- Associated Press - Sunday, October 17, 2010

PITTSBURGH — Ben Roethlisberger reveled in the cheers, shaking off the rust to look like a two-time Super Bowl winner. For the Browns, it was Steelers linebacker James Harrison who made the game’s biggest impact.

Roethlisberger, cheered loudly during his first game in 9½ months, returned from his four-game suspension to throw three touchdown passes, and the Steelers shut down a Browns offense that was depleted by Harrison hits during a 28-10 victory Sunday.

With the Steelers (4-1) leading 7-3 but backed up to their own 4 late into the third quarter, Roethlisberger — flashing the big-play ability his team lacked without him — completed passes of 50 yards to Mike Wallace and 36 yards to Heath Miller on successive plays.

Three plays later, Hines Ward fought through two potential tacklers on an 8-yard touchdown catch that made it 14-3. The Browns (1-5) never advanced inside the 20 until rookie Colt McCoy’s late 12-yard scoring pass to Ben Watson with Pittsburgh already up by 18 points.

Roethlisberger was intercepted on Pittsburgh’s first drive, but came back to throw a 29-yard scoring pass to Mike Wallace early in the second quarter — the only touchdown for nearly 42 minutes. Roethlisberger also had a 14-yard touchdown pass to Heath Miller with 1:25 remaining after McCoy was intercepted for the second time.

There were numerous firsts — Roethlisberger’s first game back, McCoy’s first career start — but a predictable result, the Steelers‘ 13th win in their last 14 games against Cleveland. Roethlisberger was 16 of 27 for 257 yards, about 120 yards more passing than Pittsburgh averaged without him.

Roethlisberger played his first regular-season game since he was accused of, but not charged with, sexually assaulting a Georgia college student in March. At the time, numerous Steelers fans professed to be outraged with the quarterback’s actions but, except for about 20 sign-carrying protesters outside Heinz Field, Roethlisberger was greeted enthusiastically.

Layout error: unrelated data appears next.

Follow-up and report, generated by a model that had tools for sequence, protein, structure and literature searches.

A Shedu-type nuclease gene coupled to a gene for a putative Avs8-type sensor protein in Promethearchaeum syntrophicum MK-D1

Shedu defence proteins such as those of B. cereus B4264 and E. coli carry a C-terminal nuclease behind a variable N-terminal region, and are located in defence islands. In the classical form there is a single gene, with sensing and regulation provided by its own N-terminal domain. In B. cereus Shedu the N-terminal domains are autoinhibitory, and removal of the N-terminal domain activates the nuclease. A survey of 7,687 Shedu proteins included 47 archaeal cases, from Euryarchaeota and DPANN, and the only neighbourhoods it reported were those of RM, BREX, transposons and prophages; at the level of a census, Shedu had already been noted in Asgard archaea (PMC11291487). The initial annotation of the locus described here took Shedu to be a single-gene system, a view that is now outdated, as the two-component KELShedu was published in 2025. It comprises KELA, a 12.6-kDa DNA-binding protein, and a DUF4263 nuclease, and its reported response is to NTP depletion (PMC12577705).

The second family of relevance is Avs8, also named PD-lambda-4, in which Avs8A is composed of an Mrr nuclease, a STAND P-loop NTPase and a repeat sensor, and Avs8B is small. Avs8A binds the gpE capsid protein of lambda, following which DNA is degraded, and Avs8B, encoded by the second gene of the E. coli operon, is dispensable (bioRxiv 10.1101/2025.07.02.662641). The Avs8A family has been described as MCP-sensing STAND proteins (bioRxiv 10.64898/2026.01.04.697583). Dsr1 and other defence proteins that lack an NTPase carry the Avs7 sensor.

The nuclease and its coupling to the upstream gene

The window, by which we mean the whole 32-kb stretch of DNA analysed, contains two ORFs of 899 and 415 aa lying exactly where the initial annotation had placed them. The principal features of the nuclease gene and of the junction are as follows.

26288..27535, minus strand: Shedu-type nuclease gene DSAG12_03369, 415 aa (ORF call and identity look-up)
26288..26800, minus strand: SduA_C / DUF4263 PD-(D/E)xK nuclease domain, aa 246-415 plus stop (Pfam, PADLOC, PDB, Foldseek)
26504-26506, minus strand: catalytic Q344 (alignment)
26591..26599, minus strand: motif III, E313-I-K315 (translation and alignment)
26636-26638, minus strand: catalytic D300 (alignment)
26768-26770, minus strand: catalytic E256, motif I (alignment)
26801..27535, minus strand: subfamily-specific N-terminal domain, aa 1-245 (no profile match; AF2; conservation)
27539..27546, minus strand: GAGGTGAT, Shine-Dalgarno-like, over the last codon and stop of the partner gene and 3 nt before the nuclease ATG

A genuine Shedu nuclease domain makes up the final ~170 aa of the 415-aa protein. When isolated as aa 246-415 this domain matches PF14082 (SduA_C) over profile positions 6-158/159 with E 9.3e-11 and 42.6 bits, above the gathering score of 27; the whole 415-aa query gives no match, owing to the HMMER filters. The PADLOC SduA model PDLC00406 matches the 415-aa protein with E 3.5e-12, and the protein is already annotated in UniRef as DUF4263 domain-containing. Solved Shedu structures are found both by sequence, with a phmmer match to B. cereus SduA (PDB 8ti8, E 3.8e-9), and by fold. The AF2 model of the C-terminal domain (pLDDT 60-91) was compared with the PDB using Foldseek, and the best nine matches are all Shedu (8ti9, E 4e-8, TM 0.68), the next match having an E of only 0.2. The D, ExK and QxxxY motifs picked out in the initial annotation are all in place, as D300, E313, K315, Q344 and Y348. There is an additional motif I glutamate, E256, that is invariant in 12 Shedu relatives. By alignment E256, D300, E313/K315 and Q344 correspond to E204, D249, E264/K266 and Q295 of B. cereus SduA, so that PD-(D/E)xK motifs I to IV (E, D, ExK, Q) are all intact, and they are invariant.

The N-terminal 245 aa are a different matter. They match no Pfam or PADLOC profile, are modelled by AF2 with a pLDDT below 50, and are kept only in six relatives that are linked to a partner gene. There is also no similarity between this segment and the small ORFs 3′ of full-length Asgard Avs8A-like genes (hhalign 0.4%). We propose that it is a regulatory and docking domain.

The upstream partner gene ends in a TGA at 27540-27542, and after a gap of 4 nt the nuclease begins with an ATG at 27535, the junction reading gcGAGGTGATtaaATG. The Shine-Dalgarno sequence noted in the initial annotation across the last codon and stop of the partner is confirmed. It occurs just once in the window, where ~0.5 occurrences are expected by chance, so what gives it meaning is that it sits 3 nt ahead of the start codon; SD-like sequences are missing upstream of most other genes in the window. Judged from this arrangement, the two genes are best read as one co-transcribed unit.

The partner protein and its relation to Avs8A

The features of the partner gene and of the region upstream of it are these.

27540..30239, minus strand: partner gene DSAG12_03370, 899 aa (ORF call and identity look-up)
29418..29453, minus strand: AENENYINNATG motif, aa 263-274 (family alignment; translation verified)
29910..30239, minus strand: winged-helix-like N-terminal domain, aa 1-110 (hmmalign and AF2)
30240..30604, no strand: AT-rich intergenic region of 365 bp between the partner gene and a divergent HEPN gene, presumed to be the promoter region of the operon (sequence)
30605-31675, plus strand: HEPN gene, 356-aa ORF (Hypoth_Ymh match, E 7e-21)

He received the biggest cheers of any player during the pregame introductions, and several small banners welcomed him back. His responded to the pregame cheers by raising an index finger in a No. 1 sign.

McCoy didn’t look overwhelmed, going 23 of 33 for 281 yards with two interceptions but, with Peyton Hillis limited to 41 yards by the NFL’s best rushing defense, the Browns couldn’t sustain drives. It didn’t help that Harrison put wide receivers Joshua Cribbs and Mohamed Massaquoi out of the game with big hits in the second quarter.

The injuries forced Cleveland, already without injured quarterbacks Seneca Wallace and Jake Delhomme, to play the final two-plus quarters with only two healthy wide receivers, Brian Robiskie and Chansi Stuckey. It was another oddity in a game in which none of the four active quarterbacks — Roethlisberger and Byron Leftwich, Colt McCoy and Brett Ratliff — had previously thrown a single pass all season.

The Browns improvised by employing multiple tight end sets but, without Cribbs to run the wildcat offense that was so effective during a 13-6 upset of Pittsburgh in December, they couldn’t generate much offense against a Steelers defense that has allowed a league-low 60 points in five games.

Cribbs, who ran for 83 yards in that upset last season, left with a possible concussion after Harrison drove into him with a helmet-to-helmet hit three plays after the Wallace touchdown catch. It was Cleveland’s first and last play out of the wildcat.

Massaquoi left with about 2 minutes left in the half after Harrison slammed into him while breaking up a pass. Browns center Alex Mack, angry at how Harrison kept sidelining his teammates, reacted by angrily kicked the ball about 20 yards to the Browns’ sideline, drawing a delay-of-game penalty.

Cleveland’s most effective play was a punt inside the Steelers‘ 10; Reggie Hodges did that four times, repeatedly backing the Steelers up and keeping the game close — at least until Roethlisberger got away from a predictably conservative game plan to hit the two consecutive deep passes.

The Steelers made it 21-3 with 5:50 remaining after Keyaron Fox recovered Stuckey’s fumbled punt at the 13, setting up Rashard Mendenhall’s 2-yard scoring run. Mendenhall, used heavily early in the game as Roethlisberger was gradually eased into the offense, ran for 84 yards.

Copyright © 2018 The Washington Times, LLC.

The Washington Times Comment Policy

The Washington Times is switching its third-party commenting system from Disqus to Spot.IM. You will need to either create an account with Spot.im or if you wish to use your Disqus account look under the Conversation for the link "Have a Disqus Account?". Please read our Comment Policy before commenting.


Click to Read More

Click to Hide